Staff of the Federal Trade Commission have advised a group of neurologists in the Los Angeles area that they do not intend to recommend a challenge to the neurologists' plan to establish an independent provider association known as Associates in Neurology (AIN). AIN, which plans to contract with managed care organizations to provide in-office neurology services and hospital visits on a capitated basis, will be composed of 11 independent neurologists who currently practice in various communities in north Los Angeles County.
AIN's "target geographic market" includes central Los Angeles and the northern part of Los Angeles County. AIN members are only about 12 percent of the neurologists it has been able to identify who practice within this area.
The FTC staff advice was contained in a letter signed by Robert F. Leibenluft, Assistant Director for Healthcare at the FTC, responding to a request by counsel for AIN for the advisory opinion. The staff letter noted that under Statement 8 of the Statements of Antitrust Enforcement Policy and Analytical Principles Relating to Health Care and Antitrust, jointly issued by the Commission and the Department of Justice, the federal antitrust enforcement agencies will not challenge, absent extraordinary circumstances, physician network joint ventures in which physician participants share substantial financial risk and constitute 20 percent or less (in the case of exclusive ventures) or 30 percent or less (in the case of non-exclusive ventures) of the physicians in each physician specialty who practice in the relevant geographic market. Because AIN members will share substantial financial risk through the acceptance of capitated contracts, and its members are fewer than 20 percent of the neurologists in the area it identified as the market, the letter noted, AIN appears to fall within the safety zone for physician networks.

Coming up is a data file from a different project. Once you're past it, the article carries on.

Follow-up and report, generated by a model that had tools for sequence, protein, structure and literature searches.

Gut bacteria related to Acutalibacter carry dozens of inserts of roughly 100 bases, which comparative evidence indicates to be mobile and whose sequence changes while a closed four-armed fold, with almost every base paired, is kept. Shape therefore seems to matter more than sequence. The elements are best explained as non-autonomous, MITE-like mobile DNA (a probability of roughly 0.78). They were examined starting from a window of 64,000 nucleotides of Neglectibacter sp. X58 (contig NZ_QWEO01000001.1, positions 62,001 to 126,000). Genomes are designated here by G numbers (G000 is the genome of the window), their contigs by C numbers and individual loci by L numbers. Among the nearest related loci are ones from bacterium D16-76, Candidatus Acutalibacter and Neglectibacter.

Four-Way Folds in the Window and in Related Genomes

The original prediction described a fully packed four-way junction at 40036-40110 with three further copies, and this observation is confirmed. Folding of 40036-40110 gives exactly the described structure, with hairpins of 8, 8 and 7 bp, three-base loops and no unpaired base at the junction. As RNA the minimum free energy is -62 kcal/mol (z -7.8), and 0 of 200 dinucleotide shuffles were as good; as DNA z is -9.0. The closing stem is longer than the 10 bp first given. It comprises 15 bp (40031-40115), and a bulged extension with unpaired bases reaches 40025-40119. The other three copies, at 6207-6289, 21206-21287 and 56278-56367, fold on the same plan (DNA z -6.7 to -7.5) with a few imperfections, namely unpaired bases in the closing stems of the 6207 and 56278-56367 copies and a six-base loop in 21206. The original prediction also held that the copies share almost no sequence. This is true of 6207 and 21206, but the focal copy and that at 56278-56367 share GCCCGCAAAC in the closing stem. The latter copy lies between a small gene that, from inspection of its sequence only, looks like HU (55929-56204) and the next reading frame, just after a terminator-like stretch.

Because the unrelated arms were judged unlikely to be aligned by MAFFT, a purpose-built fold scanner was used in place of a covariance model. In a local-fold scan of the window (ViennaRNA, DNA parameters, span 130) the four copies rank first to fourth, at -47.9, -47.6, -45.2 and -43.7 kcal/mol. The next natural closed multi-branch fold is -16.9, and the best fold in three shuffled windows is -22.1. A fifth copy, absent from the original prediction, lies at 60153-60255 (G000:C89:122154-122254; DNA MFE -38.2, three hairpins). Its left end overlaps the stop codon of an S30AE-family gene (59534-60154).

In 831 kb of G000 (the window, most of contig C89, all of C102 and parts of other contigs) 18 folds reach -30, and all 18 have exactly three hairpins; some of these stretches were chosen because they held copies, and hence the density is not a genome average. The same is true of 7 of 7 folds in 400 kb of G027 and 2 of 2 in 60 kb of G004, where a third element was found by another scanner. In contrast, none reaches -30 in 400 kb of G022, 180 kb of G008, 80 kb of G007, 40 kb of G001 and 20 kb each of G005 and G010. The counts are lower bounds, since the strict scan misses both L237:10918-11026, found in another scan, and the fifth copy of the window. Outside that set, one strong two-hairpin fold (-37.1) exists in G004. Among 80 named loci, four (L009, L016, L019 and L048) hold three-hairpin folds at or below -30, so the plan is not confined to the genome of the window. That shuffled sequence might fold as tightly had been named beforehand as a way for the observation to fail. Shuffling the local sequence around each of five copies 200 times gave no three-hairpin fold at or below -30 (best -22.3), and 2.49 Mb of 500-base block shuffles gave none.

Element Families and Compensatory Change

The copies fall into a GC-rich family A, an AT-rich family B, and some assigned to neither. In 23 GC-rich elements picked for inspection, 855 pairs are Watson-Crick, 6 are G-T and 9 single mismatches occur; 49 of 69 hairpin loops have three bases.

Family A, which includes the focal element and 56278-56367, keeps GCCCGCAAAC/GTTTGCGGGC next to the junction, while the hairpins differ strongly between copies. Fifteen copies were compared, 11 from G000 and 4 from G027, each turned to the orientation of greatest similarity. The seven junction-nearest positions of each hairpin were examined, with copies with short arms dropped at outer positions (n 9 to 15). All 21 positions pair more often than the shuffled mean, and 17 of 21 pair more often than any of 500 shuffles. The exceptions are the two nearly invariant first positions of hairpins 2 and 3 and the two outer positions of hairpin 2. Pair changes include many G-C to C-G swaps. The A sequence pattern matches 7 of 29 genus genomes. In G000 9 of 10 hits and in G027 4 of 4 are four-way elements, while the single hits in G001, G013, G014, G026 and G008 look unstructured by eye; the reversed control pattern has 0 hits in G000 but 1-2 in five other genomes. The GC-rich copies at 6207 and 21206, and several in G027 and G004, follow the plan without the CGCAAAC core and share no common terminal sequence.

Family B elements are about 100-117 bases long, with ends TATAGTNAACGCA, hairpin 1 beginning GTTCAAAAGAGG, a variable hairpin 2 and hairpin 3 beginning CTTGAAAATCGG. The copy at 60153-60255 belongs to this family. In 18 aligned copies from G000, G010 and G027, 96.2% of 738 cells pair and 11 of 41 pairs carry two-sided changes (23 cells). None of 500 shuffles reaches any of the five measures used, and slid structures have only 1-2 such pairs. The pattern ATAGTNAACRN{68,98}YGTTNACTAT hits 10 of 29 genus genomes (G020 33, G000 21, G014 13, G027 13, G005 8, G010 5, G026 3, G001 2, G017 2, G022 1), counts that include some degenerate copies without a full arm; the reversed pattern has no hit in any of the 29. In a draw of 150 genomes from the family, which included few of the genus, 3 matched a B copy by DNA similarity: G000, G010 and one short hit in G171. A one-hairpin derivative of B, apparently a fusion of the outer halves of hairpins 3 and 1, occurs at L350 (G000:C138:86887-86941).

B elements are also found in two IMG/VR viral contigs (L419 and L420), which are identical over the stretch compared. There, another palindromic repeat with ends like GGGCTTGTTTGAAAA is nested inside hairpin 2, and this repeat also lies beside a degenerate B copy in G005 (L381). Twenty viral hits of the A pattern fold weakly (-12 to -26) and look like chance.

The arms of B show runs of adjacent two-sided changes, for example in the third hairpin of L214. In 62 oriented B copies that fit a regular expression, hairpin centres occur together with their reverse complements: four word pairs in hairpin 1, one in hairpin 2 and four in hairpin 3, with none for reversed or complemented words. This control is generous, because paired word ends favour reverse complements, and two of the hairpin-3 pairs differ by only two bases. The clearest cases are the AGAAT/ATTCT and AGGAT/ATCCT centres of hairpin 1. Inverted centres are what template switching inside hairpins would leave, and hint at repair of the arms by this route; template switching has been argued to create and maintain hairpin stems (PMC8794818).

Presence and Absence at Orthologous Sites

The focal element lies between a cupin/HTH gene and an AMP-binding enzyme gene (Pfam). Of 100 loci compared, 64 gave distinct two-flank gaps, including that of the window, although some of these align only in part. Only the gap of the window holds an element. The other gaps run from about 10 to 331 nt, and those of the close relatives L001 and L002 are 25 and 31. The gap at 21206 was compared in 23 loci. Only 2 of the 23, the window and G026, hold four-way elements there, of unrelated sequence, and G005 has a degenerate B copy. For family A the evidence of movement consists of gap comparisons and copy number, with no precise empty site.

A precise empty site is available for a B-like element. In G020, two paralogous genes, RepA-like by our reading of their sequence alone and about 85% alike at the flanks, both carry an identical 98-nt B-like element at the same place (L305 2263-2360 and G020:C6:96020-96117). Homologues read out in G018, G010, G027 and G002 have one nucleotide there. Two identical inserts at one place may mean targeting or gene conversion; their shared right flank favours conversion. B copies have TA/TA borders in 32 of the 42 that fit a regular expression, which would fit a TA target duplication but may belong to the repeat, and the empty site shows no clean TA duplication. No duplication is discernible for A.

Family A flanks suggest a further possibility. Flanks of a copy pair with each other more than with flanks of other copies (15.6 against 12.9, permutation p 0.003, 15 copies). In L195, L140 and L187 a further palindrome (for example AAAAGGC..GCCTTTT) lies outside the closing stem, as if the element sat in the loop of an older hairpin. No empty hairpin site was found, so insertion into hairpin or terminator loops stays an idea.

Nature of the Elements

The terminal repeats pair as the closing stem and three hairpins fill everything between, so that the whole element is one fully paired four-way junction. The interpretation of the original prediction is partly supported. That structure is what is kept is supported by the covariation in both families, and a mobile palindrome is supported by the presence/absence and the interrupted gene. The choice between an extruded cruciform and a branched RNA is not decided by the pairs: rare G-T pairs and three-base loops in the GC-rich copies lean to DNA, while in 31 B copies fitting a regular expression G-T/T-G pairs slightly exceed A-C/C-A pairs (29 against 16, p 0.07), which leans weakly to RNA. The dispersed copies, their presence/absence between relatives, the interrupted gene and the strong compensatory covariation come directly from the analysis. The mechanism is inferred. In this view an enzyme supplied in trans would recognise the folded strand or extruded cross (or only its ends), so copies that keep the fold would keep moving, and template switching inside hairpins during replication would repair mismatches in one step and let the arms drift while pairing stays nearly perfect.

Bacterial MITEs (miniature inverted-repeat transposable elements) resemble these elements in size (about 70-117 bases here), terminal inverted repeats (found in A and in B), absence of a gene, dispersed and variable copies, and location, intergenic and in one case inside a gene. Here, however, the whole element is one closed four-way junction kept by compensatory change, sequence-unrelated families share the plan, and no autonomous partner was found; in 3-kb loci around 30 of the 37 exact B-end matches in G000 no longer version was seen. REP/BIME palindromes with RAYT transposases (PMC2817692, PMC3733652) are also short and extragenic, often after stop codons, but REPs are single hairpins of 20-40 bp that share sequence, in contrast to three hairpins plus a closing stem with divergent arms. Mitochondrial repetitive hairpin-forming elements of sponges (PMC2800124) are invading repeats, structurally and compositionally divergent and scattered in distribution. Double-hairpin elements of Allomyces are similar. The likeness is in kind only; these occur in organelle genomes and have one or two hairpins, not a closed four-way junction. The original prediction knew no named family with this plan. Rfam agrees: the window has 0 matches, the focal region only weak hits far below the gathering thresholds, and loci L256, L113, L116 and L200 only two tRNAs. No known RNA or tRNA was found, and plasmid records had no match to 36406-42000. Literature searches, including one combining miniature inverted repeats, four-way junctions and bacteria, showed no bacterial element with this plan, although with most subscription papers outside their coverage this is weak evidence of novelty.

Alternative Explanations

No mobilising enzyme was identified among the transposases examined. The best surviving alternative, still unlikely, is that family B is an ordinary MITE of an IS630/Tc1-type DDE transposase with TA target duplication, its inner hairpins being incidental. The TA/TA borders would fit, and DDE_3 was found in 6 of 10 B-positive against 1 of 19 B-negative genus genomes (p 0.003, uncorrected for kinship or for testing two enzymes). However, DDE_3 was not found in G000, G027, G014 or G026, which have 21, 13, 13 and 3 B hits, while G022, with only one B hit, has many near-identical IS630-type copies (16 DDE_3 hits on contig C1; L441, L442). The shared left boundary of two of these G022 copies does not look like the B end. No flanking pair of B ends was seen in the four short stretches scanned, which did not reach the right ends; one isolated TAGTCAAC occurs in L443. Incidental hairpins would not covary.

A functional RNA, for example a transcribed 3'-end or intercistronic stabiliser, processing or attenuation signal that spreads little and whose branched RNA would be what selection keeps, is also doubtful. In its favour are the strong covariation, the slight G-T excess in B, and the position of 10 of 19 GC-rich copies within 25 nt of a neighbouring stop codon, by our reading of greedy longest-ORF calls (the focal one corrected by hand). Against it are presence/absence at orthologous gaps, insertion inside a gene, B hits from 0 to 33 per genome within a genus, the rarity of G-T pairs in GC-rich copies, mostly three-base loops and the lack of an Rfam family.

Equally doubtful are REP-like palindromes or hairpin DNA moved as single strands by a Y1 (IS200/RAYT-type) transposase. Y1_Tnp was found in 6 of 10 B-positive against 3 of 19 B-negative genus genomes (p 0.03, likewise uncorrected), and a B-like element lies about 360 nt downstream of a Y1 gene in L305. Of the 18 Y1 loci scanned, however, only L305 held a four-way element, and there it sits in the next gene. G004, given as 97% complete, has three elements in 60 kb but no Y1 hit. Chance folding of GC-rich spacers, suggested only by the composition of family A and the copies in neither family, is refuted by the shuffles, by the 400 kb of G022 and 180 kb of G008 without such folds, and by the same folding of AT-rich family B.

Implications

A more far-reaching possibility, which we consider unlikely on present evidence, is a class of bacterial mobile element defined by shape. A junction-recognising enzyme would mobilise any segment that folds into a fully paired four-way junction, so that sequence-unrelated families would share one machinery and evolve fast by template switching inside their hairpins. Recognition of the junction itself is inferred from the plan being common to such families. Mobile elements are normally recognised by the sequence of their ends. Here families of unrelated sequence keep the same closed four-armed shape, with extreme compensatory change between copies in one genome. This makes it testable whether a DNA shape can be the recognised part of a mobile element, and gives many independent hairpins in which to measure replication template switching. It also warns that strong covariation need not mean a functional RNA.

While AIN characterizes itself as a nonexclusive network, and will permit members to contract individually on a non-capitated basis, the staff advisory noted that AIN reserved a right of first refusal to enter into contracts on behalf of all members for services to be provided on a capitated basis. "For purposes of the safety zones," staff said, "a network is 'exclusive' if participants are restricted in their ability to, or do not in practice, individually contract with other network joint ventures or health plans," even if the restrictions fall short of a commitment of full exclusivity. While AIN's right of first refusal may have this effect, the letter stated, FTC staff did not examine the potential effects of the first refusal right in detail because AIN qualifies for the safety zone for exclusive networks.
NOTE: This letter sets out the views of the staff of the FTC's Bureau of Competition, as authorized by the Commission's Rules of Practice. It has not been reviewed or approved by the Commission. As the Commission's rules explain, the staff's advice is rendered "without prejudice to the right of the Commission later to rescind the advice and, where appropriate, to commence an enforcement proceeding."
Copies of the letter are available from the FTC's Public Reference Branch, Room 130, 6th Street and Pennsylvania Avenue, N.W., Washington, D.C. 20580; 202-326-HELP; TTY for the hearing impaired 1-866-653-4261. To find out the latest news as it is announced, call the FTC NewsPhone recording at 202-326-2710. FTC news releases and other materials also are available on the Internet at the FTC's World Wide Web site at: http://www.ftc.gov